Kalogiannis Grigoris born in Larissa on 1978. He received his Diploma Degree in Electrical and Computer Engineering from the Polytechnic School of the Aristotle University of Thessaloniki (AUTh) and holds a Master’s Degree in Advanced Computer Systems and Communications of the same School. From 2012 he is a PhD Candidate in the Department of Electrical and Computer Engineering from the Polytechnic School of the Aristotle University of Thessaloniki and researcher in the Computer Systems Architecture Laboratory (CSAL) with research interests on embedded systems architectures and brain-computer interfaces. In addition, from 2010 till now, he works as Laboratory Associate in the University of Thessaly (former Technological Institute of Thessaly). In the past years he has been Research Associate of the Information Technology Institute (ITI) with research interests in Augment and Virtual Reality and of the Center of Research and Technology Hellas (CERTH). He has been granted by the HiPEAC Network in 2017 during the research mobility program for a 3- month participation in Arm’s UK Research Group with an additional 3 months’ award in 2018 by the same company for his stay in the research team. His current and past teaching activity comprises the deliverance of a wide range of teaching modules such as Theory of Electronics Devices, Programming Principles, Operating Systems, Computer Architecture, Structural Programming, Distributed systems and Networking Computing. He is member of Technical Chamber of Greece, member of ACM, IET and IEEE.
The subject of his speech...
System-on-Chip Design Flow and FPGA Prototyping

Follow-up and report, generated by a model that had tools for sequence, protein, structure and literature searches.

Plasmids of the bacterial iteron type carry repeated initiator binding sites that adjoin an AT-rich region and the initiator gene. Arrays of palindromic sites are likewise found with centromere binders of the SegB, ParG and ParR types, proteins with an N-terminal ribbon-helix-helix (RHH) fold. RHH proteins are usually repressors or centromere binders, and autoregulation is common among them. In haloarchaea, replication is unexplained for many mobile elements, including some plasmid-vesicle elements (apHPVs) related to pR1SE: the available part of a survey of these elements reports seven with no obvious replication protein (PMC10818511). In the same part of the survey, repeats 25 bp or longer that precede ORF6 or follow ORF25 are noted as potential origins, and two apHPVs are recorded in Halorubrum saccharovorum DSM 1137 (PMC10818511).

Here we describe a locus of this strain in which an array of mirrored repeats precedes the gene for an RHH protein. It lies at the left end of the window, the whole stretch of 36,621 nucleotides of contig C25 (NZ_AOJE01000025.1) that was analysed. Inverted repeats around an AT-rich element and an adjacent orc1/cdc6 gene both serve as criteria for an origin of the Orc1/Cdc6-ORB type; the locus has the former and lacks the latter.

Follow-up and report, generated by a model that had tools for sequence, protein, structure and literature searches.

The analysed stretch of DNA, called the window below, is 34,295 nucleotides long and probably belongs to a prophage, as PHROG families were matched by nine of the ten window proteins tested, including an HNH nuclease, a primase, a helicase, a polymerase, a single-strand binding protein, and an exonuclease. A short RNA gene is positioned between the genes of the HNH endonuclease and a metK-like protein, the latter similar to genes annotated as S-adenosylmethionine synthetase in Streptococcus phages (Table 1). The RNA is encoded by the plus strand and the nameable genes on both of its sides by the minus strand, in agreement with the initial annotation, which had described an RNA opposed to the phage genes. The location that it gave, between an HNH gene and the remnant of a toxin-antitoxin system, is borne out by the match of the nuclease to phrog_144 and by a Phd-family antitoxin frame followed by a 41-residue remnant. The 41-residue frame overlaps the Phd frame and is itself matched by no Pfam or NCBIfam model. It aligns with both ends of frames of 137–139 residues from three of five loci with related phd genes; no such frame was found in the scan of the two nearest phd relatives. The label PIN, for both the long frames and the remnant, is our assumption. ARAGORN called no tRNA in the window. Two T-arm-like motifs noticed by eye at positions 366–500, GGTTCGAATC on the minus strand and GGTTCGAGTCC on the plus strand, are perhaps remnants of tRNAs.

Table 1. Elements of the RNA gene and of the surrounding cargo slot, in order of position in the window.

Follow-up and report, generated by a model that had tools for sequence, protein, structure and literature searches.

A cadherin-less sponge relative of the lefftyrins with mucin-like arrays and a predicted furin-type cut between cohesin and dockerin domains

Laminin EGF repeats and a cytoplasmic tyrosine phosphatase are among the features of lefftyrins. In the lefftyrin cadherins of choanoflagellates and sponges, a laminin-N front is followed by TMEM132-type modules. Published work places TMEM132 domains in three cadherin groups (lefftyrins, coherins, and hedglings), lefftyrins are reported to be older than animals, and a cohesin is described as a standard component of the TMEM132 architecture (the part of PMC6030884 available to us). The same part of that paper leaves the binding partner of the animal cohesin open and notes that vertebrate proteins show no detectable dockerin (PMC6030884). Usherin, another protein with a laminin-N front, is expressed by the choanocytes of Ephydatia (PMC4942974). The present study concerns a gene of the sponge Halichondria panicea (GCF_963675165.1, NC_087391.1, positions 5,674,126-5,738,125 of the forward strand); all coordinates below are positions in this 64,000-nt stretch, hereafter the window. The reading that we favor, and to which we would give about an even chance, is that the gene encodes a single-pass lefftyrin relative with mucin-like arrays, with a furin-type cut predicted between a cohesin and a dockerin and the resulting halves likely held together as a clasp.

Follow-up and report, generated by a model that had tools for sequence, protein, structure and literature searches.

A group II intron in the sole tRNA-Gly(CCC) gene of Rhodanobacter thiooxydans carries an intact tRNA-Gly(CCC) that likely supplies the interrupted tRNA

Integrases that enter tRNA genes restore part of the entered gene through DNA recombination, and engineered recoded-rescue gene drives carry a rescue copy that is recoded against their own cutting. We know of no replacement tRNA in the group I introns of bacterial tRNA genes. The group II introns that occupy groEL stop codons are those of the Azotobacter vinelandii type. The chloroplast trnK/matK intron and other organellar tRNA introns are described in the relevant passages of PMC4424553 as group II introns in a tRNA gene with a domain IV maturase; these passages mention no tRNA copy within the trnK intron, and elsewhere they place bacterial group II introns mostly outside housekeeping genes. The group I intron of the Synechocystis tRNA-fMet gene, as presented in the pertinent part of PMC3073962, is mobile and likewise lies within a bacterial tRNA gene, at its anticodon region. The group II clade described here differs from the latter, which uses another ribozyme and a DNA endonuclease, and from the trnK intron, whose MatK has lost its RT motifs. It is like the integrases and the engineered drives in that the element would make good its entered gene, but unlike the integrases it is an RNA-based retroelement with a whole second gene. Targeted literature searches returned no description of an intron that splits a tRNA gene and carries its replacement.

A SoC, is an integrated circuit that contains most of the necessary building blocks of a computing system in the form of a single entity. This may include a master system unit, such as a CPU or a Direct Memory controller Access (DMA), system peripherals, such as memory blocks, timers and external digital / analog interfaces as well as a system bus that allows the interconnection of peripheral units using specialized communication protocols. Modern SoCs can also have more complex architectures and include processors for digital signal processing, encryption, dedicated graphics processors and so on. More "special" elements, known as Intellectual Properties (IP), are also commonplace to incorporate into modern SoCs, such as hardware accelerators to alleviate the CPU from demanding tasks, and to accelerate calculations in specific applications. The design of a SoC is mainly an integration process in which hardware developers, in order to develop their systems, interconnect a set of IPs using standard channels. In a typical SoC design flow, there are a set of basic steps to be followed, from defining the specifications to the final product export. In fact, the design process is more complex and can involve dozens of repetitions. Field programmable gate array (FPGAs) are an important technology that allows designers of electronic circuits to implement specific target circuits in a short period of time. FPGAs can be considered as a tool in which any digital circuit can be implemented, such as digital filters, controllers, microprocessors up to complex SoC with various individual interconnected elements. SoC standardization in FPGA is a well-established technique for its verification functionality and performance. It is used more widely today, due to the increase in both the complexity of the material and the percentage of the software that is associated with this and requires validation. The presence of speech is centered on the process of integrating a SoC, on the other, on the standardization of the latter in FPGAs.